Kids learn through play so why not make a game out of learning everything there is to learn from the alphabet! All of these games can be used in a classroom or at home, and can be modified easily for bigger or smaller groups.
The games work best if you use large letters so that they are easy to see and move around. (I suggest investing in the playtime felt set from Mom’s Affiliate found here. It is awesome because is has upper and lower case letters, different colored vowels, and the letters are 3″tall! p.s. it is only $12.95!)
1. Two Letter Shout:
This is a game we used to play in my Spanish class to learn the Spanish alphabet and it was super effective because you hear and see the alphabet over and over while having fun!
Give each student two random letters. Have the kids say the alphabet and when their letter comes up they have to hold it high in the air and shout it. Each time try to move through the alphabet faster and faster. You can use a mixture of upper and lowercase letters, or even play the game with no talking to make it more difficult.
2. Sets of Five:
This game helps students focus in on certain sections of the alphabet so that they don’t have to sing the whole dang song when they are trying to find something in alphabetical order. (You’re wishing your teacher did this huh!)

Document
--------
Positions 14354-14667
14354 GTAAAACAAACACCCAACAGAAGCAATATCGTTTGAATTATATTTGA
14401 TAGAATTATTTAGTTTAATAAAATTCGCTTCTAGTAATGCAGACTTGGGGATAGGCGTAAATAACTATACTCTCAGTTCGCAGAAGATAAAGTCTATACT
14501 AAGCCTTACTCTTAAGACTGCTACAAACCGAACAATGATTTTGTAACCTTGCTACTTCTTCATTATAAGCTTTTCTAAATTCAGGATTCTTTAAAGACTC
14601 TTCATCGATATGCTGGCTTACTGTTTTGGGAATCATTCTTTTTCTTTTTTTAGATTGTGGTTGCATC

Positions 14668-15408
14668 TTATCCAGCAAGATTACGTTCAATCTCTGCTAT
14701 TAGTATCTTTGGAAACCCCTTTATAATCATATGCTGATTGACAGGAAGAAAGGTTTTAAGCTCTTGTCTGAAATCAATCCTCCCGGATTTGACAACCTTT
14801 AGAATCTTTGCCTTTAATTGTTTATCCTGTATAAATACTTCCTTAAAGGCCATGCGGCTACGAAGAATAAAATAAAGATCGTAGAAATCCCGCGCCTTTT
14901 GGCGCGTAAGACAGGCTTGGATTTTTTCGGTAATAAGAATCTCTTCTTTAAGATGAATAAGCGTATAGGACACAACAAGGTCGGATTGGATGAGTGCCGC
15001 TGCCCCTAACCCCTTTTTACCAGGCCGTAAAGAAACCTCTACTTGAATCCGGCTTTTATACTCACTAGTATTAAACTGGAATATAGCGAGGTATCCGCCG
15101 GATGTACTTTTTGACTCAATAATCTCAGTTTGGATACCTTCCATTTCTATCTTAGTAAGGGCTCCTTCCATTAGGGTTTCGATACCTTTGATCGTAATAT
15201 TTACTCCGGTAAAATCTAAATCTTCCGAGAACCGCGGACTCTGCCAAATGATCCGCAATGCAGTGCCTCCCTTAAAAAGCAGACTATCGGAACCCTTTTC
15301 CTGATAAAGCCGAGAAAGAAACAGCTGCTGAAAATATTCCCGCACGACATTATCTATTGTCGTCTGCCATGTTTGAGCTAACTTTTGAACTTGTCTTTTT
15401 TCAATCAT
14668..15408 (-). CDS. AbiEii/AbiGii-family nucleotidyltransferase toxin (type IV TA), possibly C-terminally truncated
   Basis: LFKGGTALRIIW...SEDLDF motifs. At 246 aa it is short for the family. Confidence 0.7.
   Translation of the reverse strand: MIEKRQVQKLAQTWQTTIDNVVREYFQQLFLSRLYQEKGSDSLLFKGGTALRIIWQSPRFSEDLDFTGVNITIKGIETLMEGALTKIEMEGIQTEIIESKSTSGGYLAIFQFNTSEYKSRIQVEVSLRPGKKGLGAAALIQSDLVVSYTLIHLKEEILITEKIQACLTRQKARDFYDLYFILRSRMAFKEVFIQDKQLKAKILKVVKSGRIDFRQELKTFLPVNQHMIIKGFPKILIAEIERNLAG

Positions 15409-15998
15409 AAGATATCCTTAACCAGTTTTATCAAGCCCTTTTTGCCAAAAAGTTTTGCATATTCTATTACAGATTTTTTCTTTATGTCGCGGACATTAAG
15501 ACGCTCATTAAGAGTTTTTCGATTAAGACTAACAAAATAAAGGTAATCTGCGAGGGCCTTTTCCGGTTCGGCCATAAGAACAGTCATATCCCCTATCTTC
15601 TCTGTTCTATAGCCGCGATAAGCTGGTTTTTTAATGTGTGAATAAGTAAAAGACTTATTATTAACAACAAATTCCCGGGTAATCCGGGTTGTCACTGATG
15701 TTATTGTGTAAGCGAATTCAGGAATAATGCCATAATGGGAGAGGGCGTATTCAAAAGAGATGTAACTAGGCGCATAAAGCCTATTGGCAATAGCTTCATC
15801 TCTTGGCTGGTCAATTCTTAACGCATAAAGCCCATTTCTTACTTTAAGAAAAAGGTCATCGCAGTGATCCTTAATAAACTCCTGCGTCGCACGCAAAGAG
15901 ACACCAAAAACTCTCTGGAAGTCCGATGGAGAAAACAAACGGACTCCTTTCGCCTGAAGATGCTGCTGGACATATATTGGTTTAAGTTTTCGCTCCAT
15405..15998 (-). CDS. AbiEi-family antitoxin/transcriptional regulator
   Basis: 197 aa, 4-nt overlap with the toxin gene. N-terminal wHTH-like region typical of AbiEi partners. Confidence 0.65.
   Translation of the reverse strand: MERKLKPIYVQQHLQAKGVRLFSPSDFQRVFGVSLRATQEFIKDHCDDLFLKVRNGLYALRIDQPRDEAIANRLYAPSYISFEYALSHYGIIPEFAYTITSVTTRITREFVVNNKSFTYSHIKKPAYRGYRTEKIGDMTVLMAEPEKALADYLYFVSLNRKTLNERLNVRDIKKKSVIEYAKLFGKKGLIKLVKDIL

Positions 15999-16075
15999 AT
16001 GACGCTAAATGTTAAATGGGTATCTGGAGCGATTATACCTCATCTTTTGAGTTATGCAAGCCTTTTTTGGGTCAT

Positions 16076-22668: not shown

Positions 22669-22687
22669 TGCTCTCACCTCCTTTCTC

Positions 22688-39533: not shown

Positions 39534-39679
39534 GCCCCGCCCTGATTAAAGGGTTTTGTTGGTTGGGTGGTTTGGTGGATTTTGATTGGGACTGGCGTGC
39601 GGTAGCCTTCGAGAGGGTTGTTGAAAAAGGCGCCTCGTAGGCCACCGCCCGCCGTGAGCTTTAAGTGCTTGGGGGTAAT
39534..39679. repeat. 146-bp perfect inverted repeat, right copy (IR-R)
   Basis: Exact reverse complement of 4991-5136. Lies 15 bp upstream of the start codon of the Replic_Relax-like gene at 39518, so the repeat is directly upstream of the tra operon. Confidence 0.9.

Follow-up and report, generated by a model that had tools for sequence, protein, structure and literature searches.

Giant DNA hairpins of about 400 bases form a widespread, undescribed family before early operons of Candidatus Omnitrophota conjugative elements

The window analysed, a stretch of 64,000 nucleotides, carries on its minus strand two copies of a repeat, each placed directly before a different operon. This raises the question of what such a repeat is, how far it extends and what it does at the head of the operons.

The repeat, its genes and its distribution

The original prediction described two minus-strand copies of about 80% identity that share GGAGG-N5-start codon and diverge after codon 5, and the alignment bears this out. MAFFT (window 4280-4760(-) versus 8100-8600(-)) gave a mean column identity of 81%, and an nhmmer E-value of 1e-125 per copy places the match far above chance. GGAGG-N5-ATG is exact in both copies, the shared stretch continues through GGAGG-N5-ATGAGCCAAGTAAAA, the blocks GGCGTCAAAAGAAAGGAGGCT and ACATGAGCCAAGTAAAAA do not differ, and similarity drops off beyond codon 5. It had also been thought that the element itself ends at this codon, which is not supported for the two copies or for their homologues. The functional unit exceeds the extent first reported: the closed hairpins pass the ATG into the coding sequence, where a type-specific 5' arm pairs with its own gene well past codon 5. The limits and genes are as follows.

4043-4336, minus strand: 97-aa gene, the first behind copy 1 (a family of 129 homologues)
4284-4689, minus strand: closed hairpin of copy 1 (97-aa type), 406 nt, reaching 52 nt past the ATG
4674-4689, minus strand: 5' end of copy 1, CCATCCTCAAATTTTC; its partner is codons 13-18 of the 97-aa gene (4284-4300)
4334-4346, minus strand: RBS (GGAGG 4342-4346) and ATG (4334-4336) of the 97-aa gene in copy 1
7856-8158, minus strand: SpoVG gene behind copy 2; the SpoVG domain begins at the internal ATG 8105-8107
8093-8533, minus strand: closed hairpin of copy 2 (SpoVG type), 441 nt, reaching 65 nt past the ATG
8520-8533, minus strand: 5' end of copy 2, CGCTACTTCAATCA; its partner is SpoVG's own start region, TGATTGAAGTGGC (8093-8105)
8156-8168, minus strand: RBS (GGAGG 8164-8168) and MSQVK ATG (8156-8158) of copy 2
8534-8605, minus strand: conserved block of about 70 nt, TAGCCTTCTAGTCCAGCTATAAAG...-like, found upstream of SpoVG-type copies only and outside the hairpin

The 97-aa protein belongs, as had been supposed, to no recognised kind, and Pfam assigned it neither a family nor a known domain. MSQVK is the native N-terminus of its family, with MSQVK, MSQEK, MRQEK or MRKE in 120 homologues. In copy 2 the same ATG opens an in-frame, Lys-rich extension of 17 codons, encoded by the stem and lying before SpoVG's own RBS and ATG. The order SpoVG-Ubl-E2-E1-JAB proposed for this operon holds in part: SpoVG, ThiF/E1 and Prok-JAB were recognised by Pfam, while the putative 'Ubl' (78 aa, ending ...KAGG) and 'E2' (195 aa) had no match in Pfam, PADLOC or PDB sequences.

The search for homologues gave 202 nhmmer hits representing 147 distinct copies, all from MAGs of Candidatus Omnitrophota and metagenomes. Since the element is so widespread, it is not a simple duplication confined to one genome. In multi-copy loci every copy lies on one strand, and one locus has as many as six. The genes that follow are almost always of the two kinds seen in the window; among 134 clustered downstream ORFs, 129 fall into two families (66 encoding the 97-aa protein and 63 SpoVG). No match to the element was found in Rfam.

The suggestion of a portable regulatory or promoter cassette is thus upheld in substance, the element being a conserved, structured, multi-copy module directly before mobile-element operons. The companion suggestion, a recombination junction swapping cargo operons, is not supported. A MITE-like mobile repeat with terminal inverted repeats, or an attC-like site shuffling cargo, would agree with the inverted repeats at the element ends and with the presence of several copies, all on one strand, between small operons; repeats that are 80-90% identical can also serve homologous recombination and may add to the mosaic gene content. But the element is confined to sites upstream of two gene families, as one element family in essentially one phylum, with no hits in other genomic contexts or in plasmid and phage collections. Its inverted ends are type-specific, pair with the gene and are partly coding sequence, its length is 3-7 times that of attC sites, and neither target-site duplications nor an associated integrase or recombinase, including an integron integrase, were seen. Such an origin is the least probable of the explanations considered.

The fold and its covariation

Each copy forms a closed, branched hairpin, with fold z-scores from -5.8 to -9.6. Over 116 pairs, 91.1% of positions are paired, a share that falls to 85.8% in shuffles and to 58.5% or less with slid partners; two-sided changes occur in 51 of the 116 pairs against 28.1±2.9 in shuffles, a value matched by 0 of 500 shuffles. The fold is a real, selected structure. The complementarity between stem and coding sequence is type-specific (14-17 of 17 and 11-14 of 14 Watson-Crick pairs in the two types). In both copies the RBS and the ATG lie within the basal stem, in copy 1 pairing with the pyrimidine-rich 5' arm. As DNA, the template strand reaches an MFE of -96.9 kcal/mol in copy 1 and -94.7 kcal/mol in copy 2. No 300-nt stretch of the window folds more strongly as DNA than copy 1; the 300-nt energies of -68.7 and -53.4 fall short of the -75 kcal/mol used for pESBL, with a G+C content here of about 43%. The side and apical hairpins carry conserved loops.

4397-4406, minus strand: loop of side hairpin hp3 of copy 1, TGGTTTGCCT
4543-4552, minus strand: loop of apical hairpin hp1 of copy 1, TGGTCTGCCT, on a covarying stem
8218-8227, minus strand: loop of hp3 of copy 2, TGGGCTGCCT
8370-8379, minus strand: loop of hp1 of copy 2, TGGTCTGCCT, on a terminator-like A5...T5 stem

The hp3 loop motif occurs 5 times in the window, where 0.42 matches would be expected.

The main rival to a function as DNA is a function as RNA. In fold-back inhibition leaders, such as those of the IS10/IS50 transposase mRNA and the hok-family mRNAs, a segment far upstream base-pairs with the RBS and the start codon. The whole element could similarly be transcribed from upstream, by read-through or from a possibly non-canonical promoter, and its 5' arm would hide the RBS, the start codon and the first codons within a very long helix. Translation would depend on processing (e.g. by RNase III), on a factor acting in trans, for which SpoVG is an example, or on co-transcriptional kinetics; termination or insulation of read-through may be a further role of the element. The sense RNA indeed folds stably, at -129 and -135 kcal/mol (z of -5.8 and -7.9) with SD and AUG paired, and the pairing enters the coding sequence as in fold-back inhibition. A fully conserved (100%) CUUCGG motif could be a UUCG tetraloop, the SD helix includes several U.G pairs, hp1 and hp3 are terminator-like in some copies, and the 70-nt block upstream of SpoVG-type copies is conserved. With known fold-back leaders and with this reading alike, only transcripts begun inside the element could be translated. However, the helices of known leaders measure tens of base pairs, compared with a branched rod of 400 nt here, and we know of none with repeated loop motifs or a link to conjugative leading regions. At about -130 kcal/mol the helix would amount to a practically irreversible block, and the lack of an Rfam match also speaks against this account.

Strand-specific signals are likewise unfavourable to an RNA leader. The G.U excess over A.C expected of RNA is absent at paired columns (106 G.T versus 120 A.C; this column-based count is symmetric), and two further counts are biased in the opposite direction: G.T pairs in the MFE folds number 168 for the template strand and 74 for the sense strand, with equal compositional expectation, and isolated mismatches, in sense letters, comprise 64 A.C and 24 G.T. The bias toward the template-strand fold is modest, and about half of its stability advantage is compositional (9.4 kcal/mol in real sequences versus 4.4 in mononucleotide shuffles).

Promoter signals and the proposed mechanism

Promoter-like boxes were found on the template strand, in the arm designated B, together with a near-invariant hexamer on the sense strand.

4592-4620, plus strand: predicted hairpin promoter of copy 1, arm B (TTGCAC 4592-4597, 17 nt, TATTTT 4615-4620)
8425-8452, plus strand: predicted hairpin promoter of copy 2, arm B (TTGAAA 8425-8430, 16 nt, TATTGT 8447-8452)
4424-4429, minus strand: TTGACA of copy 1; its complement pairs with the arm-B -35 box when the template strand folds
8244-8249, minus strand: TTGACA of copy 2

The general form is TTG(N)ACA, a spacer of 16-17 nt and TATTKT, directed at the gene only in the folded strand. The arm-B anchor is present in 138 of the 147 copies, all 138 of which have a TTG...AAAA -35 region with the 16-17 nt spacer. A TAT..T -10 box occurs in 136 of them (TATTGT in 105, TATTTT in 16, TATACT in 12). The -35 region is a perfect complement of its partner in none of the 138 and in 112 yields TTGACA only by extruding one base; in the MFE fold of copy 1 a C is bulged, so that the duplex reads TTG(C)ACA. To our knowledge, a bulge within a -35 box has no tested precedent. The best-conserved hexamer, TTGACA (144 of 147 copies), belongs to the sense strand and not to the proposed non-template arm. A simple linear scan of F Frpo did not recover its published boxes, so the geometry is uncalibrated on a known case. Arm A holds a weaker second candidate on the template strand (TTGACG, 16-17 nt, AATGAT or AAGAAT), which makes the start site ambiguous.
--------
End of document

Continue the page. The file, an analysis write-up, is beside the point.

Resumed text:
Give each child a set of five letters from the alphabet. Repeatedly mix them up and have them put them back in order. Have them switch sets with another student, do it backwards, and add more letters to their sets to increase difficulty.
3. Upper & Lower Case Matching Race:
This will help kids remember what the upper and lowercase letters look like.
In groups of two let students try and match the upper case with the lower case letters. You could add in other challenges as well like no talking to each other or only give them some letters to make it more difficult.
4. Crazy Vowel Words:
This game will help kids learn the importance of vowels as well as the sounds they make.
Give each student two consonants. Hang a vowel on the board and have them sound out the “crazy word” it would make if they put the vowel in-between the two consonants. Have them raise their hand if they think theirs made a real word. You can also go around the room and point out different words that would make different sounds with the same vowel, such as “her” vs. “hen”
5. Spell It:
This game will help kids learn how to spell!
Depending on how many sets of letters you have, put kids into groups (hopefully of just two or three kids) and give them a word to spell with the letters. Groups are a good idea for spelling because they can teach each other the rules, or you can teach small struggling groups all at once.